What we create in business and in our personal lives continues to vibrate out, either in small or big ways.
David Brooks, an opinion writer for the New York Times, once said that to impact people powerfully, leaders need to pursue the development of moral depth. That’s a bold statement. What does Brooks mean by this and how does it apply to increasing the impact you have on others as a leader?
Essentially, we live out two competing value sets: resume values and legacy values. Resume values center around achievement, competing and winning. Legacy values are displayed in how you engaged people, how you lived your life and how people remember you.
My dad, a successful CEO, passed at age 90. When the family gathered and reminisced about who he was, the themes brought up were love, sacrifice, perseverance through suffering, a “never give up” spirit, dedication to family and integrity in all things. My dad always taught us that any time you make a choice to compromise what you know is right, even if it doesn’t hurt anyone else, you diminish your soul. These were my father’s legacy values and they were firmly implanted in my own character and view of the world.
Legacy values vector at a different plane than resume values, and if underdeveloped, they leave a leader stranded in the shallows of moral character. We’ve all met these stranded leaders. Work is all about winning. Certainly, resume values can be critical for a life well lived, but if that’s your core focus, it leaves a hollow feeling in the connection with others. People with moral depth can feel the lack of heart, the feeling of “soullessness.” Stakeholders in your business today care not only about what you do, but how you do it. If you get results and leave shattered relationships, then you are missing the core purpose of what your business can achieve -- both a great return for the owners and a great return in the lives of every person you touch.
The best entrepreneurs I have met are those who integrate resume values and legacy values, first within themselves, and then within their organizational culture. Here are three ways you can integrate and live out both sets of important values in your organization and life.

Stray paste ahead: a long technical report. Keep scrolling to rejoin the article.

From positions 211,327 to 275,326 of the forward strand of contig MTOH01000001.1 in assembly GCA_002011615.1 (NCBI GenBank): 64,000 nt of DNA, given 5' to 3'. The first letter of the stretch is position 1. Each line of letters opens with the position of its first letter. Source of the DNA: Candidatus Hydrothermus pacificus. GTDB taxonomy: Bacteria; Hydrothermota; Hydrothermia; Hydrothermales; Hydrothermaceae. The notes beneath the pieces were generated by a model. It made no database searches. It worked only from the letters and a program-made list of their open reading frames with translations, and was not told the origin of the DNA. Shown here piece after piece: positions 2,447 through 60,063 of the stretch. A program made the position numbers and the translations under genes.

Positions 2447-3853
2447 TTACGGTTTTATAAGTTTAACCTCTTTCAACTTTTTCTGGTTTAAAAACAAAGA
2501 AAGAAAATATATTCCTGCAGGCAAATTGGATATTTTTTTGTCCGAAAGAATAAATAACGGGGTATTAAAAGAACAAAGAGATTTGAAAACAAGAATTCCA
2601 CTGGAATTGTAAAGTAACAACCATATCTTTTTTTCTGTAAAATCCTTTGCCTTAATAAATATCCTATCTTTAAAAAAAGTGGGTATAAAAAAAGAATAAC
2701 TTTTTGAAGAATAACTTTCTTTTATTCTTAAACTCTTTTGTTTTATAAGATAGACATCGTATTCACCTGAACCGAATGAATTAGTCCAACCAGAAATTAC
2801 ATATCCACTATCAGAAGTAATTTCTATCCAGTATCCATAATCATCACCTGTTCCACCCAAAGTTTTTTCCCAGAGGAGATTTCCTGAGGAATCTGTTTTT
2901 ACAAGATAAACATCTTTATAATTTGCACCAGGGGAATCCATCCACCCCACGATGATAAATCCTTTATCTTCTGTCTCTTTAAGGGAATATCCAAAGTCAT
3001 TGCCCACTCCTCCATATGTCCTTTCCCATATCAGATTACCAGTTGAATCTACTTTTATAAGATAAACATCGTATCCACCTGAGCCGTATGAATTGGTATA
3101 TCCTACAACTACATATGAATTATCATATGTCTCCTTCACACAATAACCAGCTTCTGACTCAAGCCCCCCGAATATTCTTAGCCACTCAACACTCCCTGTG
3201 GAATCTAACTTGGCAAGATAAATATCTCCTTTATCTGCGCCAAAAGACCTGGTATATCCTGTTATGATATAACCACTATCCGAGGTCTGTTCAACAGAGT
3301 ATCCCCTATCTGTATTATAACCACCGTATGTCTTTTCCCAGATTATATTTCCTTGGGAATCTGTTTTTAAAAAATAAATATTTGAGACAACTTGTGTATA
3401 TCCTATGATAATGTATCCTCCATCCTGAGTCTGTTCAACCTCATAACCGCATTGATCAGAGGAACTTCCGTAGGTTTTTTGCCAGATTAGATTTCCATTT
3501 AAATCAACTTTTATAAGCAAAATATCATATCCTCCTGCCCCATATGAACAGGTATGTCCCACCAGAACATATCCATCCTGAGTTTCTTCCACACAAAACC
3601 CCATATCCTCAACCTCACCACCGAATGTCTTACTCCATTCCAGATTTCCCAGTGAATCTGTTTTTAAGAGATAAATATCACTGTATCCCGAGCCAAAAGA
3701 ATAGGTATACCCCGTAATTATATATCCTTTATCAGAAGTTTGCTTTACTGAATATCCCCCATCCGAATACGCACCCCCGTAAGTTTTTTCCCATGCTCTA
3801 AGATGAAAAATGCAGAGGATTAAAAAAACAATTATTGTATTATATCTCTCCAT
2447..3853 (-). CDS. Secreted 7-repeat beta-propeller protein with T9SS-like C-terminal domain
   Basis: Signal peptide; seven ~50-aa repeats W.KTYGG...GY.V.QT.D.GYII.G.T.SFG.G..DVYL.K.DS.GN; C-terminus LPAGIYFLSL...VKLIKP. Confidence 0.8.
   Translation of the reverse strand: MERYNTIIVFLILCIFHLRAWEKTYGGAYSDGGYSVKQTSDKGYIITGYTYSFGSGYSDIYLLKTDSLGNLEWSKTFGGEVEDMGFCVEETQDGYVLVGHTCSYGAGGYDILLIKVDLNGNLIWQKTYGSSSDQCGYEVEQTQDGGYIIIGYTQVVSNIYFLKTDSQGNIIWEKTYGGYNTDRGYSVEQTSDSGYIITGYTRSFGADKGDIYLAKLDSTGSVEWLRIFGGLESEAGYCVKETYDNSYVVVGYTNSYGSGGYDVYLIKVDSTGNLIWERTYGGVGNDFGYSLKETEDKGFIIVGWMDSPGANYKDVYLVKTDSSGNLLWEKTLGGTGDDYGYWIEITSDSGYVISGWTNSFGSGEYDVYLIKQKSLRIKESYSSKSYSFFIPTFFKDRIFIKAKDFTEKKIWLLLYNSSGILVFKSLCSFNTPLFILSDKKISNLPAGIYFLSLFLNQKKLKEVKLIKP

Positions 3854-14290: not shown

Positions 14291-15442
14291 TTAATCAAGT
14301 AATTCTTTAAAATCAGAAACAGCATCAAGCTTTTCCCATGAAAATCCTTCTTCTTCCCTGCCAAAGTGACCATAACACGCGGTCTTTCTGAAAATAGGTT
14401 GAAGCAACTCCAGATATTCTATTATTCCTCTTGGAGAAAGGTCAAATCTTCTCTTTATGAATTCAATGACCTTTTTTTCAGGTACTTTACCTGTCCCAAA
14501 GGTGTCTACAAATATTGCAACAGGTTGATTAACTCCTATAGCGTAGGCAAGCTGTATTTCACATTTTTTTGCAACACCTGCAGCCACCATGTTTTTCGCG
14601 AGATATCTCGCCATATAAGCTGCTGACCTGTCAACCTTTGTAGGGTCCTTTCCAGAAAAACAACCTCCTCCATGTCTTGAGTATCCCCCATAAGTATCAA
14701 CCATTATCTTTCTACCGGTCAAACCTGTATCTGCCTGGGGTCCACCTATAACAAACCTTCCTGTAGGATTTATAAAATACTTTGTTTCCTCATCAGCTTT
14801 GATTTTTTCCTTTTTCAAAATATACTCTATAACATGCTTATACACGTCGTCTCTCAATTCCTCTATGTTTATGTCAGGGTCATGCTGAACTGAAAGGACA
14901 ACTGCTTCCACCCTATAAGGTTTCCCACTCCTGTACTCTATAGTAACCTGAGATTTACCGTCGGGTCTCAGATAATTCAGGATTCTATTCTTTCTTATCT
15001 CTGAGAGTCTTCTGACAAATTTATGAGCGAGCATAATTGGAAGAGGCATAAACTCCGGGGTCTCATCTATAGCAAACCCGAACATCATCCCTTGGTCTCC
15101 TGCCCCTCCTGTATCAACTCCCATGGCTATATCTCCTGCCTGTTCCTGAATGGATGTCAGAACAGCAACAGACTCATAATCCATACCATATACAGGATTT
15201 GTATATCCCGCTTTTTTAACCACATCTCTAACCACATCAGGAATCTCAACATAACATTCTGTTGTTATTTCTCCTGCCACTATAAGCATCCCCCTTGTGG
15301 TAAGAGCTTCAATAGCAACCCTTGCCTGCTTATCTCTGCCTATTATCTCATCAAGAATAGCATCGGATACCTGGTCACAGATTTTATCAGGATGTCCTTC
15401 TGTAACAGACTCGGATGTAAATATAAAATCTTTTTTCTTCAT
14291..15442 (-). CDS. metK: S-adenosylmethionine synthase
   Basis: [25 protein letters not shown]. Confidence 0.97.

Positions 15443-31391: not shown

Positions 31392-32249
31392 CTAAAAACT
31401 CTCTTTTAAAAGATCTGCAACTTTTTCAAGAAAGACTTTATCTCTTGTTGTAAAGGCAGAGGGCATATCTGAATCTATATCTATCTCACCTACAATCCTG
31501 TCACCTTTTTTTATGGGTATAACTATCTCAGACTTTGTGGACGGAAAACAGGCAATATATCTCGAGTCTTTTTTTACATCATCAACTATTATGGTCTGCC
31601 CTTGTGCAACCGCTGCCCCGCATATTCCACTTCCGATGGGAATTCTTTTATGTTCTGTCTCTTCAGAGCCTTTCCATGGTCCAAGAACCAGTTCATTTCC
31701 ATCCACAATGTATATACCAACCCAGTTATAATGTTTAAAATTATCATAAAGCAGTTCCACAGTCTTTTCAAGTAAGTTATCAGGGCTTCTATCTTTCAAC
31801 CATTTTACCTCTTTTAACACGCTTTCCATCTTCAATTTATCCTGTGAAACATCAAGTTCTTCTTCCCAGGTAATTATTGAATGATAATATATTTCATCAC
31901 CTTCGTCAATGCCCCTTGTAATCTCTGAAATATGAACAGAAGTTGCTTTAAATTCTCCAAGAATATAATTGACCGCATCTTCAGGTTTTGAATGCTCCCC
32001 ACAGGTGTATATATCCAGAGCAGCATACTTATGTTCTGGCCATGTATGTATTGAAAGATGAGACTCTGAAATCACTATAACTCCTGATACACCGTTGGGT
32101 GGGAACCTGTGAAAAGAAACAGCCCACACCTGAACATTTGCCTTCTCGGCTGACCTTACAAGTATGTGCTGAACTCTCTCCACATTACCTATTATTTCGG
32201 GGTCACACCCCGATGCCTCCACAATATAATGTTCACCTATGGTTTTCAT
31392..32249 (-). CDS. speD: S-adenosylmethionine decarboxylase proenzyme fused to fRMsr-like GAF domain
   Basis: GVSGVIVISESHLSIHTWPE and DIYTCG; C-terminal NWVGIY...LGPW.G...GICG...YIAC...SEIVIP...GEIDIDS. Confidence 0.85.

1. Give back to the community.
As the leader of an organization, consider encouraging and even incentivizing your employees to make positive contributions to the community or those less fortunate. Some community-minded companies set up programs where the company matches each employee’s social giving. Others select significant nonprofit projects and causes to rally around together. In either case, the company and its employees make real world positive change in their community.
2. Enrich the lives of those your serve.
It is common knowledge that a company serves its customers. There is no debate here. However, companies often forget they also serve other equally important groups, one of the most important being its own employees. If you are part of the organization’s leadership, consider how you can make the lives of your employees better. Are you able to make their time in the workplace more enjoyable and effective? Are you able to encourage their personal growth and goals? Are you able to provide services to make their family lives more successful and enriching?
To identify how best to serve your employees, consider stepping out of your office and onto the front lines of your company’s operations. Give your employees the chance to speak up in an open forum without recourse about their experiences and to voice their needs to you. Then listen and act. Develop programs that will most benefit your employees and improve their life experience.
3. Enhance your organization’s purpose.
Leaders can be passionate about doing great things and about being great people. For leaders who live out both legacy and resume values, going the extra mile for fellow team members, customers and the community is the norm. Giving both your head and heart to these important stakeholders is standard practice. For these leaders, there is no other choice but to pursue relentlessly a depth of moral character grounded in legacy values, and as a result, to build a powerful memory that echoes into the future.